by December 6, 2006 0 comments

Over the last three years, the name Server Room has completely vanished.
Today most of the traditional server rooms have evolved in size, complexity,
capacity, reliability, features and cost. To say it in one word, they have
evolved into Data Centers. But with the increase in complexity, managing them
efficiently has also become a challenge. However, to make things easier, quite a
few technologies have come up.

Remote Management
The biggest change being observed in data centers is that they don’t
require physical presence of people. Remote management technologies have become
so popular, that you can perform just about every management task remotely.
Today even when you outsource your data center management to a third party, they
do most of the management remotely. While there are many ways of doing remote
management, two technologies deserve mention:

Remote Desktop Protocol (RDP): RDP has been there since the days of
NT4, in the form of Terminal services. But it became popular with masses, when
RDP features were integrated in Windows XP. Now it is widely used for remotely
accessing desktops. The protocol consumes very less bandwidth by sending KVM
signals alone over the network, giving you a feel of using the machine locally.
Today, we have tools in Windows 2003 to access hundreds of RDP machines over the
network simultaneously. We even have RDP clients for Linux or MAC, making it
truly platform independent.

IPKVM: KVMs are pretty old and popular. But traditional KVMs have a
limitation that you have to be physically present in the data center to use
them. With IP-based KVMs, you can access multiple servers from anywhere in the
world over the Internet. They allow multiple computers to be controlled remotely
across a LAN or WAN using TCP/IP over either a web browser or a specially
designed viewer. This is better than using RDP, because the software part is
completely removed from the server side. So you can access any OS over IPKVM. In
fact, you can go to the BIOS level and configure machines remotely. Other
benefits are failsafe and manageability.

Data Center Markup Language (DCML) is an XML based language used to
make different components of the data center talk to each other. Suppose you
have a virtualization layer running on your consolidated data center and you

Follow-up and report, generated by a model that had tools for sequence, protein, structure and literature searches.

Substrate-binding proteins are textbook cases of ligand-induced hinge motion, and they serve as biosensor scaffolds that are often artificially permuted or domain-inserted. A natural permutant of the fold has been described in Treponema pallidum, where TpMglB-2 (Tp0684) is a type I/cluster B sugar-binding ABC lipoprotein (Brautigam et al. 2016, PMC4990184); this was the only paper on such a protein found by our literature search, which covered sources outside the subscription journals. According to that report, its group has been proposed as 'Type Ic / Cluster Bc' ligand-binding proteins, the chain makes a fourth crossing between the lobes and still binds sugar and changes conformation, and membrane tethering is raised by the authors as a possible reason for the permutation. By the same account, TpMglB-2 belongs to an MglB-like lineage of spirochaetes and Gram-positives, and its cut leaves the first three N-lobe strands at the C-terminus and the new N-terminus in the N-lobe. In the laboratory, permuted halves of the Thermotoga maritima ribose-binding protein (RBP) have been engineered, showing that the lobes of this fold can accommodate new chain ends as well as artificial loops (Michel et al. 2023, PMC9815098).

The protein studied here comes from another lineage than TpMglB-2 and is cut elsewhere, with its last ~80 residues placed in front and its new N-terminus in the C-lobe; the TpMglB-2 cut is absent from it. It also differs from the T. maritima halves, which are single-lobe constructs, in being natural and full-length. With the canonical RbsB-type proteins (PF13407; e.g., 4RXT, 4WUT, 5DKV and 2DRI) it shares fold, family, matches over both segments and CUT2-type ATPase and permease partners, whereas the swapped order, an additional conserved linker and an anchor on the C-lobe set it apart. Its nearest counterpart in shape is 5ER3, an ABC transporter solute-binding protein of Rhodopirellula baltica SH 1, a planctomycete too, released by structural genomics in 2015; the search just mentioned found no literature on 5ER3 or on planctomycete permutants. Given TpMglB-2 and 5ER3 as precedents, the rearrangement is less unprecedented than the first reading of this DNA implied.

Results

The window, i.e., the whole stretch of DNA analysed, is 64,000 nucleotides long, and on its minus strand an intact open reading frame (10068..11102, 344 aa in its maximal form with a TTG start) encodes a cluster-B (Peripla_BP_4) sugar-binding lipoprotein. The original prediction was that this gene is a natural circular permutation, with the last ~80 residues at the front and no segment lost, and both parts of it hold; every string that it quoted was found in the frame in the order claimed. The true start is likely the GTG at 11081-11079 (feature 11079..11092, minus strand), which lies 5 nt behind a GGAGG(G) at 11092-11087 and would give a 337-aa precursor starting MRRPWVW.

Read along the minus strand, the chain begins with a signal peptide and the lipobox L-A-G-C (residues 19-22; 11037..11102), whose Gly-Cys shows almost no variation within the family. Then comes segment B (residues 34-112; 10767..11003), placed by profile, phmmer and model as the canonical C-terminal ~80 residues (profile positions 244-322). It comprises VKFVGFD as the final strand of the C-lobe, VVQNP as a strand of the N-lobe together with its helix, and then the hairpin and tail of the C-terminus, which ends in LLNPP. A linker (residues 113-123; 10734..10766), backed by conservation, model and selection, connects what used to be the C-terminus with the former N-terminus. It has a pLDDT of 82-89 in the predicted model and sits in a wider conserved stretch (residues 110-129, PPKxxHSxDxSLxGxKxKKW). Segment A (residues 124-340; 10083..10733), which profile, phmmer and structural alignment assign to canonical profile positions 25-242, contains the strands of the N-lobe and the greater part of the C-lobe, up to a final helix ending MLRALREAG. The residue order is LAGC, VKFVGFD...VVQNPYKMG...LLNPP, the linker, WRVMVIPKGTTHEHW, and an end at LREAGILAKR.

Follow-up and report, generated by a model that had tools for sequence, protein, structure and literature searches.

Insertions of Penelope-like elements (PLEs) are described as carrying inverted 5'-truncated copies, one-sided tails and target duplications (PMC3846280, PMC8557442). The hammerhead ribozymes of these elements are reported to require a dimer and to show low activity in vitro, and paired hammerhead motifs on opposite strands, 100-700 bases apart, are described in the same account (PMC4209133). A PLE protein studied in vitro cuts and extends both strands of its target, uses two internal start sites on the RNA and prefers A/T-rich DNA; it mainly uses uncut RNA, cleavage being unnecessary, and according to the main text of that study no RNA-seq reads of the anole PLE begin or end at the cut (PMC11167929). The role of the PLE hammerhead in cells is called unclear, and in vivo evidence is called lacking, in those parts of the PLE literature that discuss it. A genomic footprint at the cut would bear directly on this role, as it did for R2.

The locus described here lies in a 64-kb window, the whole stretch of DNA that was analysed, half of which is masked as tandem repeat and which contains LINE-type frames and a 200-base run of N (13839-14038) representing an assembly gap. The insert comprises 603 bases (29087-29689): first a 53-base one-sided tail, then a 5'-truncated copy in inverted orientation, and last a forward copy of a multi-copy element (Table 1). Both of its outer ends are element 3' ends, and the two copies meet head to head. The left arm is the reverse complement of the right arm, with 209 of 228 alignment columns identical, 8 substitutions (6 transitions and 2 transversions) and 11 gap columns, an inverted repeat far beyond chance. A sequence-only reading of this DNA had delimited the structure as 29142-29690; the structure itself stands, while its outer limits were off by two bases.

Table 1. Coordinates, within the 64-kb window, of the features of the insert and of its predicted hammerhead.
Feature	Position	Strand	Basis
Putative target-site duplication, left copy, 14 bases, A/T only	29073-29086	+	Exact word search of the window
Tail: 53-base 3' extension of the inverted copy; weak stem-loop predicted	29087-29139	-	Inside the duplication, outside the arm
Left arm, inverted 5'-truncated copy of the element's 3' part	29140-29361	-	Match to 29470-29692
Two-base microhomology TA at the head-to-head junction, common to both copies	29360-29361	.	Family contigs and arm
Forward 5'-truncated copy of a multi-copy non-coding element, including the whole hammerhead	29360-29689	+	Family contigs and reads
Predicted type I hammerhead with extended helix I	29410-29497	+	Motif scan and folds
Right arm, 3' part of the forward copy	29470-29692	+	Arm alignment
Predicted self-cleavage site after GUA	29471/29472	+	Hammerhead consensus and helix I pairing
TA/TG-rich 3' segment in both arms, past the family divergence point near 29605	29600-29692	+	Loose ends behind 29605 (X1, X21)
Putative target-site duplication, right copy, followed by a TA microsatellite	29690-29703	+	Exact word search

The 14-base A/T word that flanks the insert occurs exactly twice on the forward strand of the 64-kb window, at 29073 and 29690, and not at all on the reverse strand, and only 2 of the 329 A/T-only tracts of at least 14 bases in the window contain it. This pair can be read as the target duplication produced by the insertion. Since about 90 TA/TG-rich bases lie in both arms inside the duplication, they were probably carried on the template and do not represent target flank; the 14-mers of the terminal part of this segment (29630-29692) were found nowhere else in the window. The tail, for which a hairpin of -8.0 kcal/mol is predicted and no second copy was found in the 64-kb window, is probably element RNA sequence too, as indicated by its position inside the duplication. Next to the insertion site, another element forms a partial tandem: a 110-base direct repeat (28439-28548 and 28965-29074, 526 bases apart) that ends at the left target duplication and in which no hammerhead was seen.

need to provision different servers for different tasks. After a task is
accomplished, you need to decommission it. So, whenever you create a new virtual
server, all data is immediately sent to the data center management and
monitoring console. This data will include the IP address of the machine,
applications running, configuration and specs, and the contact person. So,
without any human intervention, the management and monitoring console will be
able to add this server into its list and start monitoring it. But the challenge
here is to send information from the virtual server to the monitoring sever.
This issue is tackled by DCML standards.

Disaster Recovery and BCP
Any discussion on data centers is incomplete without this topic. DR has been a
trend for a long time, but now BCP is more important as that’s ultimately the
goal of doing DR. We’ve discussed it at length ina separate section in this
cover story.

Blade Servers and Multi-Core
Blades have been around long enough, and therefore don’t need any explanation.
But with their costs coming down, and with new enterprise IT requirements like
HPC, more data centers are going to need them. Likewise, with the introduction
of multi-core processors on the x86 platform this year, server densities in the
data center are going to shoot up like anything. These technologies will shoot
up the compute capabilities of data centers like never before.

Power and Cooling
The key reason this becomes important is the rising density of equipment in the
data center. Technologies l ike blades and multi-core not only pack huge amounts
of computing power in very low space, they also result in tremendous heat
generation in the data center. Therefore, you need appropriate cooling solutions
to handle it. Today, most major power conditioning equipment companies have
transitioned into becoming physical infrastructure management companies. Two
prominent examples of this are APC and Emerson. Both offer not only UPSs, but
also racks, power, and cooling solutions. Moreover, they offer solutions to
remotely monitor and manage all their power and cooling equipment.

Server Racks
Believe it or not, but there’s a lot of engineering that goes into server racks,
so choosing the right one for your data center requires careful planning. To
explain the case, we’ll take a simple example of cooling from above. Many
cooling solutions end up cooling the overall data center, so that the entire
area becomes cool. As a result, you need warm clothes just to enter the data
center. This is not right, because the actual objective is to cool servers and
other equipment inside racks. You don’t need cooling outside. This where a
well-engineered rack comes in. Many rack vendors have worked out rack solutions